How a 23-Year-Old Tattoo Artist, Sidelined by Shutdown, Is Getting By

Pierce agreed to self-quarantine in her own home for the next 14 day, and forgo any income. After taking a vacation, Pierce was finally able to return to work after a week without any income.

Now, sitting on the couch in a $1,400-a-month, 600-square-foot Santa Rosa apartment she just started renting with her boyfriend, Pierce doesn’t know when she’ll be able to work again.

Along with over 6 million others in the United States, she’s filed for unemployment. And she considers herself lucky to have a cushion of money saved up—about $10,000.

“Which is not that much,” she says. “But I feel like for someone my age, at 23, it’s a lot.”

It is hoped that it will be sufficient. Pierce does not know when the shop will reopen. When it does, “I think it’ll be slow, especially walk-ins,” she says, aware that people may be cautious of skin-to-skin contact with strangers. “Everything will be different. It’s worrying.”

Emma Pierce draws at her kitchen counter in Santa Rosa.
Emma Pierce draws at Santa Rosa’s kitchen counter. (Graham Holoch / KQED)

Income and expenses

It’s a marked change from the upward trajectory of the young tattoo artist’s career. Pierce had been consistently booked out two-to-three weeks in advance at Santa Rosa’s Glass Beetle Tattoo, bringing in an average of $700–$900 a week.

“So sometimes as much as $4,000 a month. And that’s after taxes, plus cash,” she says.

Pierce was also able to benefit from the changes made at the shop by AB5, a California assembly bill that would reclassify independent contractors and gig workers as employees. While other rent-your-station businesses like hair salons, barber shops and tattoo parlors struggled with the bill’s byzantine restrictions, the owner of Pierce’s shop simply put everyone on payroll and proposed a commission model. Pierce gets 40% and the shop 60% for each tattoo she does. Plus tips.

Pierce, just like many restaurant servers, lives off cash tips to pay for her day-to-day needs. She and her boyfriend spend $100–$200 a week on groceries (a book laying on her shelf is titled 101 Things to do with Ramen Noodles). She spends $250 per month on the car, including her insurance and loan payments on her 2017 Mistubishi mirage. A therapist helps with the stress of work (“I recommend it literally for everyone,” Pierce says); she pays on a sliding scale at $40–$60 a week.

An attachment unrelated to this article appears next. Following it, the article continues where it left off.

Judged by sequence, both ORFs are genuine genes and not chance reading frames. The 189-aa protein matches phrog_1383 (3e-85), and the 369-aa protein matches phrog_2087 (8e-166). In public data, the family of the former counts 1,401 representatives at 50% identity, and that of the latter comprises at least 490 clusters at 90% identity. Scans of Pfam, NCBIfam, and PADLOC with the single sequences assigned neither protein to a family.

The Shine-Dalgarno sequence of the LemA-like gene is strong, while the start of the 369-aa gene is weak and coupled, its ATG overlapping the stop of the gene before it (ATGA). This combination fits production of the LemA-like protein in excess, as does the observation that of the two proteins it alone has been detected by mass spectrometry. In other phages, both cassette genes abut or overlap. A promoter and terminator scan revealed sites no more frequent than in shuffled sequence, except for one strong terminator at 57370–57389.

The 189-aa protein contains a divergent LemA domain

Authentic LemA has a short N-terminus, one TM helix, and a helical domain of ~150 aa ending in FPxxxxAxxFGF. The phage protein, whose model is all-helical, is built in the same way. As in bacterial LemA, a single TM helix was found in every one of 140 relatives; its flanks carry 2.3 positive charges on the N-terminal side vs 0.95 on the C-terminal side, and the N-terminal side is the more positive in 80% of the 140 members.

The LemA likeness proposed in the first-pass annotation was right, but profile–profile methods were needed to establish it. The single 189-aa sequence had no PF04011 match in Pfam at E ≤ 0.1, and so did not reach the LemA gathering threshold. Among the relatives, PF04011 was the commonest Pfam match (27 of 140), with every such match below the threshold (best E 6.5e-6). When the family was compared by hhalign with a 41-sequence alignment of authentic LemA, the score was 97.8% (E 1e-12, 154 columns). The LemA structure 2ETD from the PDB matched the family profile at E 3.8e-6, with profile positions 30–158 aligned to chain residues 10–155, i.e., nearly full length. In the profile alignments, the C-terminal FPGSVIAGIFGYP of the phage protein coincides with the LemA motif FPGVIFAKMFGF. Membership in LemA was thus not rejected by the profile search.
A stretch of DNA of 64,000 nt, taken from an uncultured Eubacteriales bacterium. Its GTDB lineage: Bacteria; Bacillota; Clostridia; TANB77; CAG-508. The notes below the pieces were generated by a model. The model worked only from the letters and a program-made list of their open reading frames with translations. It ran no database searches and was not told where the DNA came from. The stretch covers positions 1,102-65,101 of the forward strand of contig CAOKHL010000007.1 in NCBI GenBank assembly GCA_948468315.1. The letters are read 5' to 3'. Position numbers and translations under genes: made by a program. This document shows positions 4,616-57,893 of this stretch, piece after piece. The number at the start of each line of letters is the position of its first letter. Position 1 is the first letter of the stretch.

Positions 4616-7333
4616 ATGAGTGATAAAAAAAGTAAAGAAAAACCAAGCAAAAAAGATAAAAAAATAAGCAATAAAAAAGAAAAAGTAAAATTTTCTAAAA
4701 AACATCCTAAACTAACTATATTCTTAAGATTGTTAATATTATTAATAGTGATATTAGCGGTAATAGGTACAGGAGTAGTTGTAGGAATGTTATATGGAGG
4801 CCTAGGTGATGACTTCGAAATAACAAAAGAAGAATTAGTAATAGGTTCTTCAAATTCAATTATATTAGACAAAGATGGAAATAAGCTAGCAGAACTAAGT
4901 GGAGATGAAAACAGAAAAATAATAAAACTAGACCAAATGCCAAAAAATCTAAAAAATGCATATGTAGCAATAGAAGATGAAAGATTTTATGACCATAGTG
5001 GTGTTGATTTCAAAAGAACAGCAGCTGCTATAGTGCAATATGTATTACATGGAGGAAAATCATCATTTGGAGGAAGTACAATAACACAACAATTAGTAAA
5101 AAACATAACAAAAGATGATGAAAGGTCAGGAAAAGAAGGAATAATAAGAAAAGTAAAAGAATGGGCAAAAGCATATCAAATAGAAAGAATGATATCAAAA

Emma Pierce at her station, which has been empty since the shutdown closed the tattoo shop where she works.Emma Pierce at her station. It has been empty ever since the closing of the tattoo shop. (Graham Holoch / KQED)

Pierce is able to save money in many other ways. An iPad Pro used for $500 was purchased on eBay. This is half the price of a new iPad Pro. Pierce uses it to draw tattoos during appointments. When she’s working, she has enough bookings that she doesn’t need to pay for Instagram ads, and the shop owner buys communal supplies like needles, tubes, inks, gloves and paper towels. And she’s still covered under her mom’s health insurance plan for another month.

For young people, her most important advice is to make a direct deposit into your savings account. She automatically deposits 10% of every paycheck into her savings. “It’s really helpful, you don’t have to even think about it, and then you have a little bit in savings after a while,” she says.

She did note that she was fortunate to have lived with her mom for a month and not to have been in financial hardship. But she also works hard, coming home from work at 8 or 9pm and then drawing the next day’s appointments until midnight.